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Old 01-20-2017, 07:35 AM
 
Location: Nashville TN, Cincinnati, OH
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Cincinnati OH it can be 70 degrees one day and snowing the next and back to 65 two days later.
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Old 01-20-2017, 09:24 AM
 
Location: Brew City
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All of them. Every state/city can have weather extremes and people outside the region have little reason to be aware of them.
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Old 01-20-2017, 10:28 AM
 
Location: Mid-Atlantic
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Quote:
Originally Posted by tman7117 View Post
New York/New Jersey area definitely gets extreme weather during all 4 seasons.

Winter: The worst. Freezing cold, rainy, snowy, miserable, walking through the city is HELL, the air hurts your face, everyone gets sick, roads are a mess, overall miserable.

Spring: Probably the most mild season along with Fall. Generally warm ranging from high 50s-high 60s/low 70s. However, allergies this time of year are completely unbearable.

Summer: My favorite season, although the humidity is downright awful according to most people (I love the humidity, so it doesn't bother me). There can be periods of time in July/August where it is 90+ degrees/95%+ humidity for weeks. Going to the city in the summer is just plain awful too because the smell of the **** on the sidewalks just evaporates into the sky and the smell is disgusting (if you have asthma, good luck).

Fall: The most mild season, in late September it hovers around the 60s, dropping into the low 60s/50s/high 40s in October, and starts getting cold in Mid November (we've had cases where there was a full on blizzard on Halloween, but 70 degrees the week after in November, so Fall can be unpredictable sometimes)
It's in the Mid-Atlantic. It's really not that weird. They can have a lot of snow, Arctic blasts, hurricanes, heat waves and droughts. It's not the hottest, coldest, or stormiest place in the US.
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Old 01-20-2017, 10:34 AM
 
Location: ATL now
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Originally Posted by lovecrowds View Post
I was curious about that, because especially here in the West there are so many micro-climates.

I am from Colorado, a state known for snow but I don't think many know about the strong, hurricane force chinook winds that the Front Range gets.

For example, the Denver gets those hurricane-force chinook winds in January that warm the area to 70 degrees or more. Colorado Springs also gets some ultra-strong winds that even at 6000 feet, can take it above 70 degrees.

Areas on southern Front Range like Pueblo can even go above 80 degrees in January.

Arizona also has some very odd weather.

Tucson for example gets an ultra-strong monsoon and even Tropical Depressions that are left-overs from Baja California. Tucson can get 13" of rain during a monsoon summer.

I was in Tucson for 2 weeks over the summer and like clockwork when it would hit 90 degrees last July, there would be heavy rain. Almost every afternoon when I was there one part of the Tucson area would have flash flood warnings.

Tucson also can have some pretty chilly summer afternoons. I remember one day last summer it was in the low 80s but after the monsoon in the afternoon it cooled to 70 degrees.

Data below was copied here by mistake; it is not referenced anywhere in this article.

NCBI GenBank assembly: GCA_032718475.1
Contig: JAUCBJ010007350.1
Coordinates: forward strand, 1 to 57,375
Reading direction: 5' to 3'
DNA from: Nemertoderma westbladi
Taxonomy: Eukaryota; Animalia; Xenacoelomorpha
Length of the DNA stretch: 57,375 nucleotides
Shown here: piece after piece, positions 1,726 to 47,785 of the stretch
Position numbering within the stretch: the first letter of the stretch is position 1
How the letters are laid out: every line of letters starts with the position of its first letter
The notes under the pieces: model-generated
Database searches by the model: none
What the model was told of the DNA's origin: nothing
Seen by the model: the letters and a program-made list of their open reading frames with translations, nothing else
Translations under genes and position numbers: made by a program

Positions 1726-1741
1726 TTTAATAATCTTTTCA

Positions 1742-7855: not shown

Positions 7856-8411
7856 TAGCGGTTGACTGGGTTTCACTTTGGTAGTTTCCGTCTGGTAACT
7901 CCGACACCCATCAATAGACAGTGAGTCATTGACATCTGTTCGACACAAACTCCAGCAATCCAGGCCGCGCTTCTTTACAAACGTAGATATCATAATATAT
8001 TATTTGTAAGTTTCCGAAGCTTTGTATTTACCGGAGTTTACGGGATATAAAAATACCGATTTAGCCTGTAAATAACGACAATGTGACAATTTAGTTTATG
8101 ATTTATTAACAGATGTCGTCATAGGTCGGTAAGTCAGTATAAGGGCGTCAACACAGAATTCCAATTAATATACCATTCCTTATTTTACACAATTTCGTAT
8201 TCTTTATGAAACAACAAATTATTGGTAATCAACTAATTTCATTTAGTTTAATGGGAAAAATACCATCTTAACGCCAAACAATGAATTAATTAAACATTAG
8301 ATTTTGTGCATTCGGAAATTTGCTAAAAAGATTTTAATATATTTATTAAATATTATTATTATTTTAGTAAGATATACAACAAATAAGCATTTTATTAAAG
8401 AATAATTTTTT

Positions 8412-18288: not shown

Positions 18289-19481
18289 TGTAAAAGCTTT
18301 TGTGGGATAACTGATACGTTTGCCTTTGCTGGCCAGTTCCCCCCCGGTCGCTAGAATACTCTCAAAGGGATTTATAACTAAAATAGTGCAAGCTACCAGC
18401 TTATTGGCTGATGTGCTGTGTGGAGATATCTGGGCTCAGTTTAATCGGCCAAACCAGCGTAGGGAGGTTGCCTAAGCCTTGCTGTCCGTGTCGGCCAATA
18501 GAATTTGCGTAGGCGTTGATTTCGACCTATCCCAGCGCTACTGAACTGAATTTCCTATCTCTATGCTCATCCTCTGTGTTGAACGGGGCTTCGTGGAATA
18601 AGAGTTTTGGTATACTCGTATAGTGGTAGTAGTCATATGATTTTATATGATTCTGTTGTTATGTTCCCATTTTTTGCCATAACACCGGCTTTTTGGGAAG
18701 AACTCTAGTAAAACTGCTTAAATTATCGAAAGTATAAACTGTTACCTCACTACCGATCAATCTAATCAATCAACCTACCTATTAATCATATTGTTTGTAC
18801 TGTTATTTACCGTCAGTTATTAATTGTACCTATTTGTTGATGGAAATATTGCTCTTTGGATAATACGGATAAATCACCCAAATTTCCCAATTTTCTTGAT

After monsoon rainfalls it is very common for temperatures in the late afternoon to be in the 70s in the middle of the summer, after peaking at about 90 earlier in the day.

Tucson is also very, very humid in the late-summer.

Other weather patterns that are not commonly known:

-Las Vegas has much cooler spring weather then Phoenix, but during Monsoon it is very similar

-Eastern San Diego County gets very hot in the summer-time, the Antolope Valley in Los Angeles gets extremely cold in the winter

-Albuquerque winters are much colder then people think. Las Cruces though has a Phoenix like winter.

-Salt Lake City has very little wind in the winter and gets extremely intense pollution. The weather people in Salt Lake City are always happy to report when a little wind comes to the Valley usually in February magically ridding the city of it's terrible January air pollution.

-Fargo can get Seattle like doom and gloom mid-winter where it is above freezing and even sometimes rains in January.
I disagree, Las Vegas is much drier and less humid during traditional Monsoon Season. The Phoenix area received 5-6 inches of rain in September of 2014 during our Monsoon, and Vegas was still baking in the 110s. The are only similar in early june to mid July. After that, the weather differences became stark imo.
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Old 01-20-2017, 10:46 AM
 
Location: The Springs
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Quote:
Originally Posted by lovecrowds View Post
-Salt Lake City has very little wind in the winter and gets extremely intense pollution. The weather people in Salt Lake City are always happy to report when a little wind comes to the Valley usually in February magically ridding the city of it's terrible January air pollution.
Salt Lake also gets the "lake effect" snow in the winter from the GSL.
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Old 01-20-2017, 01:15 PM
 
1,290 posts, read 1,123,930 times
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Quote:
Originally Posted by Kar54 View Post
Salt Lake also gets the "lake effect" snow in the winter from the GSL.
This may be a very stupid question, but is SLC lake effect snow... salty?
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